The cloud, mobile, IBM, Oracle-Sun, SAP, the death of the tactical CIO, HP's CEO shuffle, Apple's rise in the enterprise, and optimized systems were all among 2010's top tech stories. Here's the full list with links to more than 150 analytical and opinionated columns.

Bob Evans, Contributor

December 8, 2010

5 Min Read

#3: HP Ousts Mark Hurd. Immediately after former HP CEO Mark Hurd left the company under an embarrassing cloud in early August, the world's largest IT company entered a period of intense external scrutiny and second-guessing centered on its strategic positioning for the future, its ability to move as fast as smaller competitors, and its relatively small software business. Then, in late September, HP surprised the IT world by picking former SAP executive Leo Apotheker to be its new CEO, clearly betting that his long-time tenure in sales at SAP would compensate for his glaring lack of success as a CEO. Just 10 months ago, when SAP ousted Apotheker, founder and chairman Hasso Plattner said the change was necessary because SAP had clearly lost its way in the market, seemed unable to get vital new products out the door, and was frighteningly out of touch with its customers, and was saddled with a disenchanted workforce. And on top of that self-diagnosis from Plattner, SAP was also getting sand kicked in its face in the market by Oracle.

#2: Apple And The iPad Rock The Enterprise. In Apple's most-recent earnings call, the company disclosed three pieces of news of extraordinary significance to the technology world: first, that Apple's quarterly revenue had for the first time topped $20 billion; second, that the iPad and iPhone are achieving unprecedented penetration within the Fortune 500; and third, Steve Jobs openly and quite bluntly attacked Google's mobile strategy and its Android technology as un-open (if not fully closed), overly complicated for developers, and self-serving and disingenuous. The comments from Jobs are vital not just because of his status as CEO of one of the world's most-successful and iconic brands, but also because Apple's products and philosophies have jumped species—from the consumer world to the enterprise—and are having profound repercussions on how CIOs shape their own strategies for the next few years.

#1: The Surge To Optimized Systems. IBM invented them, Larry Ellison supersized them, SAP has revolutionized them, HP is promising them, and just about every single major IT vendor is rushing into the market for appliance-like systems that have shown great potential in redefining the types of business value that truly innovative IT can offer.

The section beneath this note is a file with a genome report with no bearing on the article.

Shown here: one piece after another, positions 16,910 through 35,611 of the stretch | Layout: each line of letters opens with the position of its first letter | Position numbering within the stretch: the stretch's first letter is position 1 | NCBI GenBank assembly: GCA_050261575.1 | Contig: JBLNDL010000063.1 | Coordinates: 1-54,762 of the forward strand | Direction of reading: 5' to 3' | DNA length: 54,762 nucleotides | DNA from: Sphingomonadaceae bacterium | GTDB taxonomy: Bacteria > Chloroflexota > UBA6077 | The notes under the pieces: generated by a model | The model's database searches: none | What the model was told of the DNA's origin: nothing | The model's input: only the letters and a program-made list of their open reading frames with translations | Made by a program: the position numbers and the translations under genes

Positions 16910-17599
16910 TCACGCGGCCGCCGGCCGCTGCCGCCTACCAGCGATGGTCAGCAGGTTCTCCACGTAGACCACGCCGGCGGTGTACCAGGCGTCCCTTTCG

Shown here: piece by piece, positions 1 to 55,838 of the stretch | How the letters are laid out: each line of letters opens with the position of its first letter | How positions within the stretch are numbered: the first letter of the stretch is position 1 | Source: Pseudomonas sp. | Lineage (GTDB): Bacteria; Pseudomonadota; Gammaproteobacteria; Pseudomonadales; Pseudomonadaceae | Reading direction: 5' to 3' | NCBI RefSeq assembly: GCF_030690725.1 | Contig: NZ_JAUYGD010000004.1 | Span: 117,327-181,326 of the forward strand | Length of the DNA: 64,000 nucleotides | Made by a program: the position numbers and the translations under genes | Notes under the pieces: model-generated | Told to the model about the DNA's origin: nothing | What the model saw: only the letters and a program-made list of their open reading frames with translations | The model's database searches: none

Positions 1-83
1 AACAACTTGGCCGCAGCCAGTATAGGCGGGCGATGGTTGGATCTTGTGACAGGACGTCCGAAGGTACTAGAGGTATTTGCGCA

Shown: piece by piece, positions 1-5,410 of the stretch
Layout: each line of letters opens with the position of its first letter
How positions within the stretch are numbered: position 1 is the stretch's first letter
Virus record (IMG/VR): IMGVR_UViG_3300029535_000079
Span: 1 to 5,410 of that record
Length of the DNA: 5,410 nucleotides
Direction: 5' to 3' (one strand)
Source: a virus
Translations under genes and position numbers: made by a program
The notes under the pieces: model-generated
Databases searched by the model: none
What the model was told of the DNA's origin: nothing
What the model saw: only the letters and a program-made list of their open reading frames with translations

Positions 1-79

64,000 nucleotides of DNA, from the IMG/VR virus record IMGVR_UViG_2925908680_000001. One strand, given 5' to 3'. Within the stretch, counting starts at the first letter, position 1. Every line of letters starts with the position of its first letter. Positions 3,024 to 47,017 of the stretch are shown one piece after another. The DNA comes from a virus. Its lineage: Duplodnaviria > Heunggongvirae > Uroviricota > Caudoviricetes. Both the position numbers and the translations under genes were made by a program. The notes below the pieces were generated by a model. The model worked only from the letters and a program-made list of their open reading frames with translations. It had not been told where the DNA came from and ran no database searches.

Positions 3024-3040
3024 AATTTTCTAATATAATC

The new wave of highly optimized and deeply integrated hardware-software combinations known as optimized systems rushed to the forefront of IT innovation in 2010, promising the seductive combination of dramatically improved performance and sharply reduced customer-side integration, tuning, and tinkering.

These new hardware-software combos are being aimed at everything from OLTP to data warehousing to analytics to Exchange servers to middleware, BI, security and beyond, pushing well past the valuable but narrow niches—primarily data warehousing—that until recently were about the only areas in which appliances and purpose-built systems operated.

Because these optimized systems can offer such significant improvements in speed, performance, throughput, power, and range of capabilities, and because they can also significantly reduce the amount of time and effort IT organizations have to devote to tinkering, tuning, tweaking, wiring, and integrating, the rise of these new purpose-built systems is my choice as the #1 development in our list of the Top 10 Tech Stories Of The Year.


That's it for this year's list, and I'm sure that next year's will be even more compelling, challenging, and fun—this business is certainly not for the faint of heart.

RECOMMENDED READING: Global CIO: Global CIO: Larry Ellison And IBM Lead Surge In Optimized Systems Global CIO: Global CIO: Oracle CEO Larry Ellison On The Future Of IT Global CIO: Global CIO: Oracle Needs More Than Ellison's Talk To Beat IBM's Systems Global CIO: Global CIO: IBM Claims Hardware Supremacy And Calls Out HP's Hurd Global CIO: Global CIO: Oracle's Larry Ellison Declares War On IBM And SAP Global CIO: Global CIO: Larry Ellison's IBM-Slayer Is Oracle Exadata Machine Global CIO: Global CIO: Oracle Reveals Strategy And Customers For White-Hot Exadata Global CIO: Global CIO: Microsoft Joins Oracle & IBM In Rise Of The Machines Global CIO: Global CIO: IBM Doubles Down On Red-Hot Optimized Systems Global CIO: Global CIO: Larry Ellison And The New Oracle Rock The Tech World Global CIO: Global CIO: Oracle's Fowler Says Systems Performance About To Explode Global CIO: Global CIO: Gunning For IBM & Oracle, HP Plans Optimized-Systems Blitz Global CIO: Global CIO: Resurrecting Mark Hurd: Larry Ellison's War With IBM Global CIO: Global CIO: Larry Ellison's Acquisition List: Who's #1? Global CIO: Global CIO: IBM Top Product Exec Discusses Strategy, Systems, & Oracle Global CIO: Global CIO: Larry Ellison's Hardware Boasts Are Nonsense, Says IBM Global CIO: Global CIO: Larry Ellison's Top 10 Priorities At Oracle Open World Global CIO: Global CIO: Oracle Launches 'Cloud In A Box' And New Cloud Business Global CIO: Global CIO: EMC Taking Plunge Into Red-Hot Optimized Systems Market Global CIO: Global CIO: Inside Steve Jobs' Head: The Supremacy Of Software GlobalCIO Bob Evans is senior VP and director of InformationWeek's Global CIO unit.

To find out more about Bob Evans, please visit his page.

For more Global CIO perspectives, check out Global CIO,
or write to Bob at [email protected].

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Bob Evans


Bob Evans is senior VP, communications, for Oracle Corp. He is a former InformationWeek editor.

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